When Green Party of Philadelphia leaders were asked at a meeting if they thought Dr. Jill Stein actually had a chance at the presidency, the question was met with laughter. There was no glimmer of hope that she could win, because Green Party members know the truth: our country is tyrannized by a two-party system and the little man is lost in the process.
Smaller parties have no prospect because they’re going against a system made for two parties. They are barred from the national debates due to the lack of support, costing them valuable face-time in the media and the ability to gain any more support. And with the electoral college forcing parties to win states and delegates instead of popular support, there is no hope for any rise.
In the early years of our country, when our country was still just a toddler, really, the Founding Fathers developed a democracy fostering a two party system. Seems simple enough, if you don’t like one, just vote for the other. And since this was a time when only the white, landowning men could vote, you were bound to agree with one of the two candidates (who were likely also a white man). No problem.
It’s 2016, though. Times have changed. Women can vote. People of color can vote. Anyone who is a citizen over the age of 18 can vote. And of the 300 million people in the U.S., there are quite literally millions of different opinions and perspectives in the country. Still, we’re stuck in the past of a two-party system, something that is nearly an impossible cause to combat.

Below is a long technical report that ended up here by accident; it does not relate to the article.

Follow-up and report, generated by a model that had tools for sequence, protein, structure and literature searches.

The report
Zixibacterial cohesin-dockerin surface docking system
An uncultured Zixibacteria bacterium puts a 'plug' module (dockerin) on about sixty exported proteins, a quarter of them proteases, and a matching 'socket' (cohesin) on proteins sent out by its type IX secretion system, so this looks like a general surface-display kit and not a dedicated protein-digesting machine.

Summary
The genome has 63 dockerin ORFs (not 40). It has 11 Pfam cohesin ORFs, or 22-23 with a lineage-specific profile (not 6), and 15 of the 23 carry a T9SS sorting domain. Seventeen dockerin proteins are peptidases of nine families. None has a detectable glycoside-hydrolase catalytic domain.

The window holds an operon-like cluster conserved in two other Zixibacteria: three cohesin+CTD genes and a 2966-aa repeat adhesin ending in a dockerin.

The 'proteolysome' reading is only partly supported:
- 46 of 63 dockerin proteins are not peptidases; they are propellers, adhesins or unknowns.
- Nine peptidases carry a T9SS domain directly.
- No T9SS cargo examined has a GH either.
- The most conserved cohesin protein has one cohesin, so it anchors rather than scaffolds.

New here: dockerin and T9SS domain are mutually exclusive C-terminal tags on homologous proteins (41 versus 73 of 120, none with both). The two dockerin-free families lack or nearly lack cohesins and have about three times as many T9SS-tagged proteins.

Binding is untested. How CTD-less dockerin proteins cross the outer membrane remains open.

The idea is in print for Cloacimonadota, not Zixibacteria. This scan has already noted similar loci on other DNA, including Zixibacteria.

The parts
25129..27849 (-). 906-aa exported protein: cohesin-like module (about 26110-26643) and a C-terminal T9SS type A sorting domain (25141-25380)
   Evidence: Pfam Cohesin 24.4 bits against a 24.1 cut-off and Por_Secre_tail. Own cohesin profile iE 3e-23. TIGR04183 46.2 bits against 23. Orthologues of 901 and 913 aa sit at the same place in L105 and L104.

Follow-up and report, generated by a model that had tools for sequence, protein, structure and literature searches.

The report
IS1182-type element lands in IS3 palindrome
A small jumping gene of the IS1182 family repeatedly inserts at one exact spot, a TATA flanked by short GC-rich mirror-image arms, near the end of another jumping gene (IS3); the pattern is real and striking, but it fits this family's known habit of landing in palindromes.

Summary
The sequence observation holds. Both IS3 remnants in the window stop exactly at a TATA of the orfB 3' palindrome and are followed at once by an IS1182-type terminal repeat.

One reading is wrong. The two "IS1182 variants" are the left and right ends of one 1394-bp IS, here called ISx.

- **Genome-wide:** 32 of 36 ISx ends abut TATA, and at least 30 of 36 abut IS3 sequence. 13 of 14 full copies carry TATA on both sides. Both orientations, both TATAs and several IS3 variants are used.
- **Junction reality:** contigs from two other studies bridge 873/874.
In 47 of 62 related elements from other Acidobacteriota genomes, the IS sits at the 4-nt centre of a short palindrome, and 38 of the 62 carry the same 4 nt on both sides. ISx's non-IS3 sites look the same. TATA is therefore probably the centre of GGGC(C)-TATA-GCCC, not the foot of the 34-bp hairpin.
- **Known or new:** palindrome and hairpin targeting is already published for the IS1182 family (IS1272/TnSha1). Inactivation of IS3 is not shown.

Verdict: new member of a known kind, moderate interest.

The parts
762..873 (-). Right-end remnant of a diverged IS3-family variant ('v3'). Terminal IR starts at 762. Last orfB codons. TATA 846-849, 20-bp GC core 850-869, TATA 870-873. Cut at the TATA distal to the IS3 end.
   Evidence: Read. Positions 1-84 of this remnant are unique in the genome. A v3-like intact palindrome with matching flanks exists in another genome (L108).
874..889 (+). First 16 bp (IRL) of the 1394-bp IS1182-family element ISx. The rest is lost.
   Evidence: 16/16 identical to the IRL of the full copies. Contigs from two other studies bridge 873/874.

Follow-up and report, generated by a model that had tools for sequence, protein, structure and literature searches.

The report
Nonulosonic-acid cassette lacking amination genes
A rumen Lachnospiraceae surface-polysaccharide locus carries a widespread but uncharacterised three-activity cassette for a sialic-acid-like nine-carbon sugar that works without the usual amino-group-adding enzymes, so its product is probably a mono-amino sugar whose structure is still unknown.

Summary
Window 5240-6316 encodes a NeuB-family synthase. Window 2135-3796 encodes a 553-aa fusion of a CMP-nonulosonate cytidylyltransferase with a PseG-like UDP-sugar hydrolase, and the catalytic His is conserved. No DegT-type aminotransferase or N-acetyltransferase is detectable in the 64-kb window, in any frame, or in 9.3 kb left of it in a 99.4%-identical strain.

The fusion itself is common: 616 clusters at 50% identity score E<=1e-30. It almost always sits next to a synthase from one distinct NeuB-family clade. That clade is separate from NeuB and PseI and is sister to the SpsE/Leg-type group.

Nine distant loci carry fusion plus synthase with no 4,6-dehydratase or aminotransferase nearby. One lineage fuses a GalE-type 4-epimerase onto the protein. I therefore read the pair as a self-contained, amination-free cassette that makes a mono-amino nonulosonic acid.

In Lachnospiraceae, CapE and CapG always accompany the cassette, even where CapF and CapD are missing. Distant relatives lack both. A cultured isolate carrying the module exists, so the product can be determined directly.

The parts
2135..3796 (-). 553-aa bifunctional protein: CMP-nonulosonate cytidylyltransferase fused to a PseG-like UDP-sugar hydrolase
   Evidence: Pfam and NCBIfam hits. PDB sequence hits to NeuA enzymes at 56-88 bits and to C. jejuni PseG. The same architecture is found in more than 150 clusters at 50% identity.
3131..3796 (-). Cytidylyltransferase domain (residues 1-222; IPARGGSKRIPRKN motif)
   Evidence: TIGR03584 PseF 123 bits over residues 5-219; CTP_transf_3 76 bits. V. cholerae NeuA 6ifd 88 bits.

This thought is exemplified in the current election. Many voters are just choosing the lesser of two evils and may have different opinions if this was not the high-stakes election it has become. Filled with “bad hombres” and robotic personalities, neither candidate is very tempting. Hillary Clinton has too much experience and a cautious mindset in political action. Donald Trump is well… Trump. But, at least it isn’t the other one. At least we’re not working to put them in office.
Our presidential election is ruled by a plurality system, which is a fancy way of saying winner takes all. The candidate must not only have the majority, though, they have to receive at least 50 percent of the delegates. This cultivates the two party system, because smaller parties would decrease the winning margin if they were to gain support and possibly prevent a major party victory. The latter have more at stake and thus the Democrats and Republicans dominate.
But, wait! There are other parties! What about the Libertarian guy who didn’t know what Aleppo was, or the doctor who’s running?
Sure, we have other parties, because some people feel voting for someone they believe in is more important than voting for someone who will win. An admirable trait, but with little risk and no real reward.